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Sakhalin II to spend $1.17 bln in 2007

The supervisory board of the Sakhalin II energy project has endorsed its work plan and set its 2007 budget at $1.17 billion. The sum, however, may increase if officials agree to increase total cost to $20 billion early next year.

The 2007 budget will be spent on the construction of an LNG plant, pipelines and an onshore facility, said Igor Ignatyev, spokesman for the project's operator, Sakhalin Energy.

In 2005, the company applied to increase its operational plan until 2014 from $10 billion to $20 billion. If the cost hike is endorsed and the comprehensive plan amended, next year's budget will be adjusted as well, he said.

The endorsed budget is just a guideline, because actual spending of PSA operators is always higher, said a spokesman for Zarubezhneft, a company responsible for all PSA projects.

Last year, Sakhalin II's cost overruns were 61% ($4.05 billion). This year, its actual spending will be $4.1 billion instead of the endorsed $2 billion, he said.

Gazprom's possible participation in the project will not influence cost approval, said Sofia Malyavina of the Russian Industry and Energy Ministry.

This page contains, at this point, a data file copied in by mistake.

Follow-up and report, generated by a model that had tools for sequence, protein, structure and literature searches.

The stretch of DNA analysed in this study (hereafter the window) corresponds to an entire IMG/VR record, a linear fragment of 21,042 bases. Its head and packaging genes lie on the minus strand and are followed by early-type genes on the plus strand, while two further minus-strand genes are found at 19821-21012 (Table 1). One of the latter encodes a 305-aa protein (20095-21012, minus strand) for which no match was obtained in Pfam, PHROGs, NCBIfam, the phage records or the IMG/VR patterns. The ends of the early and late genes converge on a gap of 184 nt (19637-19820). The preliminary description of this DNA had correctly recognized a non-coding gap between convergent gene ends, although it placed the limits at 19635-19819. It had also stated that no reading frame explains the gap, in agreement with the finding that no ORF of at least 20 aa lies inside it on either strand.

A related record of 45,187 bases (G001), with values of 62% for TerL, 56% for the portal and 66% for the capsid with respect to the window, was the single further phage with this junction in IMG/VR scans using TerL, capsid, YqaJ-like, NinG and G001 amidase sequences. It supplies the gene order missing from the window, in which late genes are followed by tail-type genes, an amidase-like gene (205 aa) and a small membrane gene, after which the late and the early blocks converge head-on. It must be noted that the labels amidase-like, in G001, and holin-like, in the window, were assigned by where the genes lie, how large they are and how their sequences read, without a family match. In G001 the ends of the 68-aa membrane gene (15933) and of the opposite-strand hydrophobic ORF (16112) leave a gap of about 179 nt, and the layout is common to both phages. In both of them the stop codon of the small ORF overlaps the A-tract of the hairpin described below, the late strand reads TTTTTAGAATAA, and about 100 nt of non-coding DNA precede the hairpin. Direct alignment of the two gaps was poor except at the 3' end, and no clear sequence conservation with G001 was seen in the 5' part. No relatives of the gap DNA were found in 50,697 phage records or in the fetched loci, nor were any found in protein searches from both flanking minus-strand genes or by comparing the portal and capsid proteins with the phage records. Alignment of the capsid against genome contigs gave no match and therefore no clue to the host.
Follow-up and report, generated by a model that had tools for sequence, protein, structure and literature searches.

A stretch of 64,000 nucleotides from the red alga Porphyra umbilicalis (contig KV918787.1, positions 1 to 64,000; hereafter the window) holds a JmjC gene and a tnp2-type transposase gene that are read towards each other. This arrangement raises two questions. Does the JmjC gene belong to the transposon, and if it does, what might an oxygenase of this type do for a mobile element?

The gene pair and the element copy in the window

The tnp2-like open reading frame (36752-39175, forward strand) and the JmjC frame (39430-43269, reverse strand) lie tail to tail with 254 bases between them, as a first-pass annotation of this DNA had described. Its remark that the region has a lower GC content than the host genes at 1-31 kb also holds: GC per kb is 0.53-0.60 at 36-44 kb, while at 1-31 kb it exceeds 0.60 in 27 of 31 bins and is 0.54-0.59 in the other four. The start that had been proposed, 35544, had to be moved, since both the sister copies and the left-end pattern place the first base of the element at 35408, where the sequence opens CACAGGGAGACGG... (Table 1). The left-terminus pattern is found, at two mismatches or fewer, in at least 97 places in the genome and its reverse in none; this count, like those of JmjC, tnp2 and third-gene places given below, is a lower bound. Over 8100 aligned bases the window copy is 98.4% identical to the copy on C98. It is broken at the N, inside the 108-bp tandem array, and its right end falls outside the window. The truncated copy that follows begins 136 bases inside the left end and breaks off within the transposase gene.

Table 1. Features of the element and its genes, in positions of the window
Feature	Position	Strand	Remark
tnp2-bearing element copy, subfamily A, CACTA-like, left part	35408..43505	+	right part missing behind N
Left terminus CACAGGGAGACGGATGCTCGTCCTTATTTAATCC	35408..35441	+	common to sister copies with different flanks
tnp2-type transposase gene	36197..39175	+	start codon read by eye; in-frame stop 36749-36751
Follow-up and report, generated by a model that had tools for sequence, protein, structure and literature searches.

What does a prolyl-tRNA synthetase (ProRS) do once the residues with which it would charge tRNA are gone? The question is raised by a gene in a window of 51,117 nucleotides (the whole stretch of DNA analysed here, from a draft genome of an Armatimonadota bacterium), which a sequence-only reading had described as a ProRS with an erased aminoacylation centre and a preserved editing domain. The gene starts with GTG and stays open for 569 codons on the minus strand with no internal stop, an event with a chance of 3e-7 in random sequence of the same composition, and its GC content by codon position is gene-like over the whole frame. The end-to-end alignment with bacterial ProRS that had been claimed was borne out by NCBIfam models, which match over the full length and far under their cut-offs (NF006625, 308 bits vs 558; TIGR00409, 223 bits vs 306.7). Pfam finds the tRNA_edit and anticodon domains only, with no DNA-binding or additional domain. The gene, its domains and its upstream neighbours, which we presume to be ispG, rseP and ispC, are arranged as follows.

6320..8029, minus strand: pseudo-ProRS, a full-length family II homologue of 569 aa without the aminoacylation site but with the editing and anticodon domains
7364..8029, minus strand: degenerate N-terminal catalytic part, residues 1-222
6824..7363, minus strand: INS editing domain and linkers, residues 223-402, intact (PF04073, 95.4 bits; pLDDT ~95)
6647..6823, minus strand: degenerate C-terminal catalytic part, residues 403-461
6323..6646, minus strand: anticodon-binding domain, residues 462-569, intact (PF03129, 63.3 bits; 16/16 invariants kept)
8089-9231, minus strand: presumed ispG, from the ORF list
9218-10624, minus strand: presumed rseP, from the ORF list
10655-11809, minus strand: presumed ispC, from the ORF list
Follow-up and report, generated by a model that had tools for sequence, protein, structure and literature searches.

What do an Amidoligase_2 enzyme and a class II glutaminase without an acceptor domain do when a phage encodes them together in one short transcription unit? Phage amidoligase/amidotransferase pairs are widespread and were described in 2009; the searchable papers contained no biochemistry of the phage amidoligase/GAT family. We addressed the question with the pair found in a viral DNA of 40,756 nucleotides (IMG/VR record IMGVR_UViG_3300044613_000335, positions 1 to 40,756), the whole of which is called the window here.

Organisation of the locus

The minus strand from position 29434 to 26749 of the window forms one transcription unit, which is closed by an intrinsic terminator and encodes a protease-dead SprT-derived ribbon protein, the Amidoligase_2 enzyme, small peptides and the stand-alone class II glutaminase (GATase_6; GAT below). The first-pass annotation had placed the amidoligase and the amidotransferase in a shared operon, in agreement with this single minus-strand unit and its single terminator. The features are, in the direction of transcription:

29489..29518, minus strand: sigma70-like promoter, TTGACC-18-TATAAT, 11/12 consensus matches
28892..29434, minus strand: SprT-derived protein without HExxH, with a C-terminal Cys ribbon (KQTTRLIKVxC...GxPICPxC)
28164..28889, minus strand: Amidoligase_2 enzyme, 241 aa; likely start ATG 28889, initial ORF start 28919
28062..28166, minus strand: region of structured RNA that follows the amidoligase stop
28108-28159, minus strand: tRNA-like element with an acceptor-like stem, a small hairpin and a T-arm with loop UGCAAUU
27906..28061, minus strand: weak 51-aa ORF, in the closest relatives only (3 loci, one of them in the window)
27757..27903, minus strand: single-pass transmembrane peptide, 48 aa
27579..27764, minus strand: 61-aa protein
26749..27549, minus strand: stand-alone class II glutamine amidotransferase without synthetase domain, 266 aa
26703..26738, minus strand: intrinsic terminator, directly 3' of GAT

Yesterday, a spokesman for Shell, the main shareholder in Sakhalin Energy, Alf D'Souza, said the deal with Gazprom could be struck this week.

The state-controlled gas giant could receive a 50% stake in the project instead of the previously planned 25%. Shell will reduce its holding to 25% plus one share, and Japan's Mitsui and Mitsubishi to 15% and 10%, respectively.

However, a Gazprom manager said the talks will continue because the parties could not agree on a price. Expert estimates of a 50% stake in Sakhalin II vary between $3.5 billion and $10 billion.

The parties have also failed to agree on a scheme for LNG sales to end consumers, a source familiar with the progress of the talks said. Shell wants to buy part of Gazprom's LNG to sell it under an earlier signed contract. Gazprom and Shell spokesmen did not confirm the information.

Almost 100% of LNG to be produced under the project is already contracted for delivery to the United States, Japan and South Korea.

Joining the project, Gazprom will accept its financing risks. The gas monopoly needs long-term contracts to get direct access to the world's largest LNG consumers, Korea and Japan, said Andrei Gromadin of MDM Bank.

© Vedomosti, a Russian newspaper

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